You know how a lot of the ideas of science fiction are becoming reality?
We've found a "Super-Earth," the military is testing giant robots for combat, cloning is now possible...
For some reason, it makes me think of what will happen to fiction if the world eventually becomes "the Jetsons."
Will we come up with more fantastic ideas? Will we call it "historical fiction?" "Non-fiction?" "Bedtime stories?"
If I'm understanding the questions correctly....
If you're asking whether science fiction books will ever be considered "non-fiction", the answer is no. Non-fiction is a collection of factual information about a subject. Science "fiction", by its very terminology, contains non-factual things like made-up characters, dialogue, and events that cannot be documented by real, non-fiction sources. Science fiction can, however, be critiqued and discussed based on how realistically the story used the science or extrapolation of scientific knowledge.
Will we continue to produce "fantastic" or "science" fiction? Of course. No matter how advanced our technology or how much scientific knowledge the human race amasses, there will always be new and/or improved technology and more knowledge to learn. (Unless humanity finds some brilliant way of wiping ourselves collectively off the face of the Earth, but let's work on the theory that we won't.) Also, new advances and information lead to new questions and searches for answers. It's an ongoing process. Since story-telling seems to be part of human nature, I suspect we'll be producing all sorts of "fantastic fiction" for generations to come.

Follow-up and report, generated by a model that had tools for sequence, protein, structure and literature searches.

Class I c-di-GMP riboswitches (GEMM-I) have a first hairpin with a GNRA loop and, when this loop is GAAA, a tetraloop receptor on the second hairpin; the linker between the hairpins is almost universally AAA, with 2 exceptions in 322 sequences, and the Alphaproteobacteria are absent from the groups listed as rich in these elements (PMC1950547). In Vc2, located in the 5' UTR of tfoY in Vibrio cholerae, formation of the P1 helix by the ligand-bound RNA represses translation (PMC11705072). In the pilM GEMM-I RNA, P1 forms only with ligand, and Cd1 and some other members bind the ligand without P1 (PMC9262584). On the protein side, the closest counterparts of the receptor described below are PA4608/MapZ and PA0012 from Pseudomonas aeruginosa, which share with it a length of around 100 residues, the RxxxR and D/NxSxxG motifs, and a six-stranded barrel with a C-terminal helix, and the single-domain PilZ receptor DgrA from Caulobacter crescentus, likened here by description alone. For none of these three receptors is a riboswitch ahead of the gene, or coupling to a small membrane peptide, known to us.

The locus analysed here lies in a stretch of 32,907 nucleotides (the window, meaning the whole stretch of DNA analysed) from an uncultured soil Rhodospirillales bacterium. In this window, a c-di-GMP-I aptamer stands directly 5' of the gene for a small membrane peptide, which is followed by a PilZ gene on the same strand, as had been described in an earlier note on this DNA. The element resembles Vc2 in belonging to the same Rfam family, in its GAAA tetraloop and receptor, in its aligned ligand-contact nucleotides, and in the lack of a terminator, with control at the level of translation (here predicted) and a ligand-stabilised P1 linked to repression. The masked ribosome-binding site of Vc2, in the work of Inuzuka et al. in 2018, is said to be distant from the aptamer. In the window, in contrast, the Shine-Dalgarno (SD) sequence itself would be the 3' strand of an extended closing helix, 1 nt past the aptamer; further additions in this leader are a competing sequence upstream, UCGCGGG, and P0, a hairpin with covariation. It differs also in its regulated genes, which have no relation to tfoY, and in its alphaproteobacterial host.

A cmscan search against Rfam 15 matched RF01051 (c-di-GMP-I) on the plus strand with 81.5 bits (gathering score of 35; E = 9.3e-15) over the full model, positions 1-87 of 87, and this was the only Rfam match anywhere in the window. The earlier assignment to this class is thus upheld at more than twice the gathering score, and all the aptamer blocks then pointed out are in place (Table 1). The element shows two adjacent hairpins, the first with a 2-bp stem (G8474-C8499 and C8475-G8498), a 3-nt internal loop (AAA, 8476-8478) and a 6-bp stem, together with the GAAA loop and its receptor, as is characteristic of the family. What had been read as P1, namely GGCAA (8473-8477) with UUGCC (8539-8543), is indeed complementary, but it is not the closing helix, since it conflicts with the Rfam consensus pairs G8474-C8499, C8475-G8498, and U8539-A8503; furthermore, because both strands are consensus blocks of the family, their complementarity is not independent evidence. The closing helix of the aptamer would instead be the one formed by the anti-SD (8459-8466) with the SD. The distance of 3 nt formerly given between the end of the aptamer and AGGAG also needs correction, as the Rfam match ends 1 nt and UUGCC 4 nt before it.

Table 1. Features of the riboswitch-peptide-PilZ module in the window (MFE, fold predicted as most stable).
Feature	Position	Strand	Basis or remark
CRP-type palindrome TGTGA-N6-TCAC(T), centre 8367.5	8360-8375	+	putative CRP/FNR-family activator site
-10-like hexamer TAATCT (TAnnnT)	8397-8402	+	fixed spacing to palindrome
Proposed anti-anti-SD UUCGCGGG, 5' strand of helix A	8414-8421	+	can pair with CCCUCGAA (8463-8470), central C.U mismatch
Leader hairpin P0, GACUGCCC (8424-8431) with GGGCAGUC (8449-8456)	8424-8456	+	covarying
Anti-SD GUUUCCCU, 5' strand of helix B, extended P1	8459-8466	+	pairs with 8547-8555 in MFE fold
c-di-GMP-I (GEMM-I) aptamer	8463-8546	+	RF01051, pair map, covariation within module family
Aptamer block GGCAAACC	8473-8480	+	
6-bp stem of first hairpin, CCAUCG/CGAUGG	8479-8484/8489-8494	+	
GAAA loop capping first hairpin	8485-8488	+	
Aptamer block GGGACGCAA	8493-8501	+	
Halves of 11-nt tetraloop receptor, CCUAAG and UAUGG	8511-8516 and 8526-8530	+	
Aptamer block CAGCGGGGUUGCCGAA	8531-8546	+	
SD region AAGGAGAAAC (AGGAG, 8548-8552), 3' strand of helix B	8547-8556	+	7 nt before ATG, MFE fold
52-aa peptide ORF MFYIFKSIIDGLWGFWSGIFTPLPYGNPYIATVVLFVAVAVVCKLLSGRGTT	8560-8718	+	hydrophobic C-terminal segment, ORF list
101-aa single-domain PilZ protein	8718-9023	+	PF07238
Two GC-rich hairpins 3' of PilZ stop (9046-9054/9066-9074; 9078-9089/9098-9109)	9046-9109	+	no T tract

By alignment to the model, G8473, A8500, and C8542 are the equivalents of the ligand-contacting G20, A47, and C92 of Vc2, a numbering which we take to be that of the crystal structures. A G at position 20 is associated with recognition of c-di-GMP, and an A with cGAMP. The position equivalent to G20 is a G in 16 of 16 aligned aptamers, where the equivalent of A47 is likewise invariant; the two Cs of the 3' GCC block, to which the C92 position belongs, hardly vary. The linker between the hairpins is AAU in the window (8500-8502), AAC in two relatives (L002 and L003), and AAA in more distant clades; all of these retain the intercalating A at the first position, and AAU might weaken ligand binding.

"Historical fiction" is generally fiction that is set in a time period earlier than the one in which it's written. If the reader is lucky, the author has done enough research to make the historic detail as accurate as possible. So, books like Across Five Aprils
(American Civil War), Summer of My German Soldier
(World War II), or any of the American Girls series are considered historical fiction. They were written in the mid- to late 20th century, but the characters are placed in earlier time periods.
Books that have scientific advances beyond those of the historic time period will still be considered science fiction. 20,000 Leagues Under the Sea
, for example, is generally considered science fiction because the nuclear-powered submarine and the adventures it allowed to happen in the novel were beyond the scope of the science of the times. Even though we today have nuclear-powered submarines, 20,000 Leagues Under the Sea
isn't going to be classified as "non-fiction". (If it was written during the time when it took place, it really wouldn't be historical fiction, either. It is, however, a classic, which is usually a book that contains universal truths about the human condition that span all time.) (Of course, I think it was Mark Twain who said that a classic is a book that everyone wants to have read, but no one wants to read. :wink: )